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Indonesia readies incentives to keep consumption intact
Publication Date : 12-08-2013
The Indonesian government is mulling several fiscal incentive options to maintain domestic consumption.
According to Finance Minister Chatib Basri, his ministry is currently considering the possibility of introducing fiscal incentives.
“We are exploring all options so that consumption or the ‘keep buying strategy’ can continue,” he said at an Idul Fitri gathering in Jakarta recently an Idul Fitri gathering.
One of the incentives being considered is to implement tax postponement on labour-intensive industries on the condition that companies will not lay off employees.
“We implemented the same policy back in 2008. Workers will still have purchasing power because they are able to keep their jobs, therefore, domestic demand is sustained,” he said, adding that another option would be introducing a tax discount.
The government would opt to implement a fiscal incentive because it is now less likely to rely on foreign direct investment (FDI) to spur economic growth, as FDI growth has continued to slow, according to Chatib.
Exports — facing issues due to fluctuations in commodity prices — are also unreliable for maintaining growth, he added.
Based on the latest data from the Investment Coordinating Board (BKPM), even though FDI remained the biggest contributor to the country’s realised investment figure in the second quarter of 2013, FDI only grew by 18.9 per cent year-on-year to reach US$7.2 billion, which made it the lowest growth since 2010.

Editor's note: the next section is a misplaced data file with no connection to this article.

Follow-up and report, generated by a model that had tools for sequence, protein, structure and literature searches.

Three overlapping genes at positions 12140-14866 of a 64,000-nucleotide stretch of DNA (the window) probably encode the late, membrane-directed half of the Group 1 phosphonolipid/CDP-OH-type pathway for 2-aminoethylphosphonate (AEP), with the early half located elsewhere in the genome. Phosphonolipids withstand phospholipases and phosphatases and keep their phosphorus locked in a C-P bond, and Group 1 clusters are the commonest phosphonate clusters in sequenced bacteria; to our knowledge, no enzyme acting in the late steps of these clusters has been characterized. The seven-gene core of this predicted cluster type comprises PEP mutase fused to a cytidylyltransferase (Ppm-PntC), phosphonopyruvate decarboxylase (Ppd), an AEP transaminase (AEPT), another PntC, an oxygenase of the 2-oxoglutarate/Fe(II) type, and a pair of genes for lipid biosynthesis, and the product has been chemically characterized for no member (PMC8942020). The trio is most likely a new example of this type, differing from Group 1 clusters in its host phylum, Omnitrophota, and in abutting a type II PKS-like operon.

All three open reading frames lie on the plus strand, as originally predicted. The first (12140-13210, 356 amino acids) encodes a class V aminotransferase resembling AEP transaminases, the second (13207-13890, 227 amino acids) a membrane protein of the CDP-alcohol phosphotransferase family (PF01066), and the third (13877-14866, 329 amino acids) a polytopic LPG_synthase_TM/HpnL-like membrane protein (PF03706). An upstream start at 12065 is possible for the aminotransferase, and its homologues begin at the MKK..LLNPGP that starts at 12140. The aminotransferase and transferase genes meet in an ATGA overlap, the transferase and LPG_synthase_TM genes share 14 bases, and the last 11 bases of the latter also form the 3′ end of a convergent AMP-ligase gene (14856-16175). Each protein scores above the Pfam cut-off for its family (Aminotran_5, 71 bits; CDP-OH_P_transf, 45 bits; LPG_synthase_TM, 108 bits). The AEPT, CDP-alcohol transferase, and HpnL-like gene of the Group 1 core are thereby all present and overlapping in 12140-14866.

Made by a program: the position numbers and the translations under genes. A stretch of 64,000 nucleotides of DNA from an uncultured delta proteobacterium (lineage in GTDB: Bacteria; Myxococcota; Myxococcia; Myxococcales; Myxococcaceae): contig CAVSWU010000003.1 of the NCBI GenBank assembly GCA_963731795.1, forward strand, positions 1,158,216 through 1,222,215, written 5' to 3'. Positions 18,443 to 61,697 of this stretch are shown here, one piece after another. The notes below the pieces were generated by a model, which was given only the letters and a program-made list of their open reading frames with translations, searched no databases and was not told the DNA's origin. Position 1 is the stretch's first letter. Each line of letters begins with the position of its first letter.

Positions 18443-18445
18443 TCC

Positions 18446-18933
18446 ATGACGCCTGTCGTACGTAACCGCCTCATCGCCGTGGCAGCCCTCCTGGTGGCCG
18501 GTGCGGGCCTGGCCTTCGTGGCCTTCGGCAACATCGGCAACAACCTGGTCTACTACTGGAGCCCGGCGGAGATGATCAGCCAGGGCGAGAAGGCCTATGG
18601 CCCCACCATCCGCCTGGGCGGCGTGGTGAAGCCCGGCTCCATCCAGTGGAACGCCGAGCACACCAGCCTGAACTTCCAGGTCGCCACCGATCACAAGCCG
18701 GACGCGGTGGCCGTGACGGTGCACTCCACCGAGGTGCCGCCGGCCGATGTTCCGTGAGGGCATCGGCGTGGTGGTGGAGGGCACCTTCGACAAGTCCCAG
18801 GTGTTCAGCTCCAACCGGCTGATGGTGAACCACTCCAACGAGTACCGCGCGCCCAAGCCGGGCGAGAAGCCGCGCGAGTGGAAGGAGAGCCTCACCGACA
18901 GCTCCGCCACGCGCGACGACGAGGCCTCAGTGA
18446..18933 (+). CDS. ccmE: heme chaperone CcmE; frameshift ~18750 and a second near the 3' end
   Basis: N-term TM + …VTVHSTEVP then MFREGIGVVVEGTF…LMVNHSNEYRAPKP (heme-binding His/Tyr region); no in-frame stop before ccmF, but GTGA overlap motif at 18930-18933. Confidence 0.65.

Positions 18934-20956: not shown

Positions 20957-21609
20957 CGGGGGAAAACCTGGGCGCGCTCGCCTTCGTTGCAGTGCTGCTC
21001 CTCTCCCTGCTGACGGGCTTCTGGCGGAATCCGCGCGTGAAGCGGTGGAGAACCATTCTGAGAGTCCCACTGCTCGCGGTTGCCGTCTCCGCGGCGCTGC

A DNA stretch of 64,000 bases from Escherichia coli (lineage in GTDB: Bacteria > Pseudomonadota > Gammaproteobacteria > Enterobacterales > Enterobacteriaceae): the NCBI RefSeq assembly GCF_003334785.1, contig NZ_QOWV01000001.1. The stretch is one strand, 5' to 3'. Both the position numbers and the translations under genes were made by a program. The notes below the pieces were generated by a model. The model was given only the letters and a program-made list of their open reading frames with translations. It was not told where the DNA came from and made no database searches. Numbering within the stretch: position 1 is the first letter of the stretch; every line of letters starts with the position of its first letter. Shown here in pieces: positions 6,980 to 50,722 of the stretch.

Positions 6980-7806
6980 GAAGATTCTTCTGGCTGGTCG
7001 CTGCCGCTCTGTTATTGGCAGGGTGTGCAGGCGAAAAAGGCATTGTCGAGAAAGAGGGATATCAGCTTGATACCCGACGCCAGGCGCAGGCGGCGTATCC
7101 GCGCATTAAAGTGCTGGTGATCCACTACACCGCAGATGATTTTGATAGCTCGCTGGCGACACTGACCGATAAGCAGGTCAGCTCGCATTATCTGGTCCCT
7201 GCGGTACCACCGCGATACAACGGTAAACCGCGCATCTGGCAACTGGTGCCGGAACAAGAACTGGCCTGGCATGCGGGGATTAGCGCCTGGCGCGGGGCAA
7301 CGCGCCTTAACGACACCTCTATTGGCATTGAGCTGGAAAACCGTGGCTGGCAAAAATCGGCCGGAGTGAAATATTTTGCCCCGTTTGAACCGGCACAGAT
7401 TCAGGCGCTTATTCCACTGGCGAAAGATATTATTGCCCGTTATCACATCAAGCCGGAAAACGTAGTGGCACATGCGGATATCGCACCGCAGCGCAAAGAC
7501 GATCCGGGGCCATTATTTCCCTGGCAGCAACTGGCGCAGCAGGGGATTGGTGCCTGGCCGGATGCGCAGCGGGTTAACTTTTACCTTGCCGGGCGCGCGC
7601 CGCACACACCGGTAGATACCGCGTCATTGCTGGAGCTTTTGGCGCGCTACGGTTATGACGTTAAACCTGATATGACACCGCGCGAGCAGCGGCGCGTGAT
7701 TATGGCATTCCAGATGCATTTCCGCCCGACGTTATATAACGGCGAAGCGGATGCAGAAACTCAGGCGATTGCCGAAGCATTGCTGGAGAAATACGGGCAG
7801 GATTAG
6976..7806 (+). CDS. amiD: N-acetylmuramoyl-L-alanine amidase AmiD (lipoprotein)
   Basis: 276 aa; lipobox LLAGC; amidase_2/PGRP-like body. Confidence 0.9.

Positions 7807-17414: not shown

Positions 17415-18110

Chatib said, however, that the government might not implement any option at all should consumption remain high after the Idul Fitri holidays. “As many as 110 trillion rupiah [US$10.69 billion] was spent on consumption during Idul Fitri. That will surely boost consumption growth. The most important thing is to keep the fiscal incentive options on standby,” he said.
Separately, Industry Minister MS Hidayat said that under the considered tax postponement incentive scheme, labour-intensive industrial sectors — particularly textile, garment and footwear — would be exempted from the obligation to pay income tax for its workers, which would later be paid off by the government.
“It is one way that we can act to help firms avert layoffs at a time of economic hardship like now. If we do not act, the situation will be detrimental to our economy and add social costs associated with layoffs,” he said.
The planned fiscal incentive is also part of the government’s efforts to design a new reference for tripartite negotiations in setting a nationwide minimum wage increase each year, aiming to prevent a rise to a level that cannot be shouldered by the labour-intensive industry, which employs more than three million workers.
For the past few years, talks to set annual minimum wage increases have been contentious battles between labour unions, employer associations and local administrations in Southeast Asia’s biggest economy, with worker unrest escalating during periods of talks.
The fight over wage increase found its dramatic moment late last year when some local administrations finally approved significant hikes beyond the levels agreed on by the National Wage Council.
Jakarta Governor Joko “Jokowi” Widodo, for instance, instructed firms to push up the provincial minimum wage by 44 per cent to 2.2 million rupiah per month.
Despite the government’s gradual strategy in raising wages, many labour-intensive firms — both local and foreign — decided to terminate employment.
The Korean Chamber of Commerce and Industry reportedly recorded that Korean firms in the labour-intensive industry have laid off more than 60,000 workers this year.
The Indonesian Footwear Manufacturers’ Association points out that roughly 50 foreign and local footwear makers in Greater Jakarta, Banten, West Java and East Java had already laid off 44,000 employers as they could not afford the minimum wage increase.